Newsroom

3 Ways to Lead Your Audience Through Controversy and Brokenness

Mary Wiley | Jul 13th

The world is broken. With any kind of brokenness comes a host of opinions about the most effective way to fix it. Behind this variety of opinions are real people—people with histories, people with hurts, people from different cultures, people from different religions. The diverse perspectives of life make it interesting and beautiful, but because of brokenness and sin, this beautiful diversity can often lead to discouraging division.

As an author, you are tasked to use your gifts to serve a diverse group of people who see the brokenness of the world from different perspectives, and thus, form different opinions about how best to address it. It may be tempting to avoid addressing the brokenness of the world because of the division that often follows in its wake. However, your audience values your voice, and to steward your gifts responsibly, it may be appropriate to address controversy and brokenness in order to best serve your audience, and in turn, best serve the body of Christ.

One of the biggest obstacles to addressing controversy and brokenness is learning how to do so without adding unnecessary offense. When the latest tragedy or public sin has divided people, it’s easy to get emotional and step on the toes of others, intentionally or unintentionally. Authors, here are three simple ways to equip yourself to address a controversial issue without losing the ears of your audience:

1. Pray first.

A fine line exists between speaking out to help a situation and speaking out to promote yourself. When tragedy happens or a controversy erupts, it is tempting to take a stand on social media or other platforms in order to pad your popularity and preach to the choir. Before your post or say anything, take a moment to pray. Ask the Lord to give you wisdom and discernment as you address difficult issues, and ask him to protect you from your own sinful heart.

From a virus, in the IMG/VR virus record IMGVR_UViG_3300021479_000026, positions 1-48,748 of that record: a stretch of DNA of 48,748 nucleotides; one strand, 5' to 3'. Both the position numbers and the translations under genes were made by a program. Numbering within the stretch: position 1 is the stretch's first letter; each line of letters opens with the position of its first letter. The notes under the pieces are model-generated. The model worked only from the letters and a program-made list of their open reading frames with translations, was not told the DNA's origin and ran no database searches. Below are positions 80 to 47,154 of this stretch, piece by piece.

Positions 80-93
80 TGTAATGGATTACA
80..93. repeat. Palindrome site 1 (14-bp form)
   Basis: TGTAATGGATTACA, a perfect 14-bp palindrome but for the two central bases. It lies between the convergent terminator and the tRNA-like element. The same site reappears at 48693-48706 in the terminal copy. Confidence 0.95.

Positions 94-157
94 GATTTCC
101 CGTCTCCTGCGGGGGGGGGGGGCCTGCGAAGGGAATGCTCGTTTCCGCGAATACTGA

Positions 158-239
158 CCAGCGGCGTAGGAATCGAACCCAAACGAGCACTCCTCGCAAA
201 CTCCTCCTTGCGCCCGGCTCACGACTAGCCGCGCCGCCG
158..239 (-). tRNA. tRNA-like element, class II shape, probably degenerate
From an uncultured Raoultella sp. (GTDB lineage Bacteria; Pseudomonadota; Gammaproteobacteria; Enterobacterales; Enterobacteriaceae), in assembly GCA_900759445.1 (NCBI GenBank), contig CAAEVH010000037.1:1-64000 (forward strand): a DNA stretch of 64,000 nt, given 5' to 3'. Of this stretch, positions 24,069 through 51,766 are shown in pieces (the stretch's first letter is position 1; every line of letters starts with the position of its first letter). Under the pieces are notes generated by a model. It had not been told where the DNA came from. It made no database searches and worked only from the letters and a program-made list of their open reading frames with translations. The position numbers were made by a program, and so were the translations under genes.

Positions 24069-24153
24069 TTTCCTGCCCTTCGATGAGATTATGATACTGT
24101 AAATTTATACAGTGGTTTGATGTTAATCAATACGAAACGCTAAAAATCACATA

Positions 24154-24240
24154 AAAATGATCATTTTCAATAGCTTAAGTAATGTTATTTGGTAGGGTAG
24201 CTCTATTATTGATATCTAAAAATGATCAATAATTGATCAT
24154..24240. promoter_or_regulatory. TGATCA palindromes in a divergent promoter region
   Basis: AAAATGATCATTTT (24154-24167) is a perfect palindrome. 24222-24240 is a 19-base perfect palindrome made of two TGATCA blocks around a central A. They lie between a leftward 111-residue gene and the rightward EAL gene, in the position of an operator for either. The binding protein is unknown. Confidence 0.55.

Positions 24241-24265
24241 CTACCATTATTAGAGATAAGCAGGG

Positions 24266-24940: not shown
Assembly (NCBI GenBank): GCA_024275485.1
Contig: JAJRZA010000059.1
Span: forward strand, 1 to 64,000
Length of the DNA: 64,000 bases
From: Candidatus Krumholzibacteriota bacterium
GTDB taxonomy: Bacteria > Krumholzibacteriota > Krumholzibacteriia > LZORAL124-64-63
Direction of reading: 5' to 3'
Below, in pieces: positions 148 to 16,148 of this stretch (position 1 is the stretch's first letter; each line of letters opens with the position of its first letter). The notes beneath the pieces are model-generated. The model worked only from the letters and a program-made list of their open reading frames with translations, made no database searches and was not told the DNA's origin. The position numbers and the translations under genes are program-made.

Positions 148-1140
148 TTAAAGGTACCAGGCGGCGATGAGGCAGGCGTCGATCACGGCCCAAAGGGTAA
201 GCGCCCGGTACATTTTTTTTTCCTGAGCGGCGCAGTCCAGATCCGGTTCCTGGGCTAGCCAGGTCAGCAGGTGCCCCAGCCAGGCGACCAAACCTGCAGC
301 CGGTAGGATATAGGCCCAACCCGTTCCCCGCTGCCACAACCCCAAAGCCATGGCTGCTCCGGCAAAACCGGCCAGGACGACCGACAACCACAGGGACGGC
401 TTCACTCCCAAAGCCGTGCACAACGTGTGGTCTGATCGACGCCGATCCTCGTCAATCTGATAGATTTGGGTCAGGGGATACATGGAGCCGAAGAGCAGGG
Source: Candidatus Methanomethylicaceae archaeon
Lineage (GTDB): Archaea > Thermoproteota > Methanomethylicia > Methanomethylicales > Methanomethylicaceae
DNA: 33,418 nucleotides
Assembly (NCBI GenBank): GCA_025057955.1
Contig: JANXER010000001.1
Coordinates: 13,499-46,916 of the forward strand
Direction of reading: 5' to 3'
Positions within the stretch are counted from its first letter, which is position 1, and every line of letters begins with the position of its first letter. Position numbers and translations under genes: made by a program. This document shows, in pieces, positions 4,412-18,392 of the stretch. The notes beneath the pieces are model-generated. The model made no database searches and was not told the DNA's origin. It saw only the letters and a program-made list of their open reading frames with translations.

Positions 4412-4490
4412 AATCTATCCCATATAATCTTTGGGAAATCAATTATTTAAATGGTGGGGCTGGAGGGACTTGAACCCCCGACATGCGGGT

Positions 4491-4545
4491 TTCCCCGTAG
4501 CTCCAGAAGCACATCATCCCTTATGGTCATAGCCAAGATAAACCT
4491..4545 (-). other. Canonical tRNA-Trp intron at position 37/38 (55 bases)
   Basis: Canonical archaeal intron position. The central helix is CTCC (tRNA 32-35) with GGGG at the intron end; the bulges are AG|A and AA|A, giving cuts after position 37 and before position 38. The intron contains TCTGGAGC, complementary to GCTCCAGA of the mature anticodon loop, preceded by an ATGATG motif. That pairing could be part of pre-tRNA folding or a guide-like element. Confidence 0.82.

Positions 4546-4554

2. Communicate in humility.

Never have I wished that I acted with less restraint or humility amidst an intense conversation; I’m usually praying for forgiveness and wishing I had exercised more restraint. A humble heart is not likely to lead you astray as you attempt to lead your audience to process a tragedy or controversy in wisdom and love.

3. Ask for peer review before posting or saying anything.

I do this often, because it is important to me to see how others perceive the tone of my writing, as I often am oblivious to an unnecessarily harsh or combative tone. If you’re writing about a controversial issue, ask a friend who may disagree with your point of view for his or her perspective. Ask if you are charitable, if your point is well made, and other such questions.

Authors, you are leaders. You have the ability to speak truth and love into brokenness because you have an audience who listens to you and respects you. Do not take this blessing for granted; use it for the good of the kingdom.

headshot-Chris-MartinChris Martin is an Author Development Specialist at LifeWay. He helps authors engage with their readers through blogs, social media, and other digital platforms. He blogs at MillennialEvangelical.com. Catch him on Twitter or Snapchat @ChrisMartin17.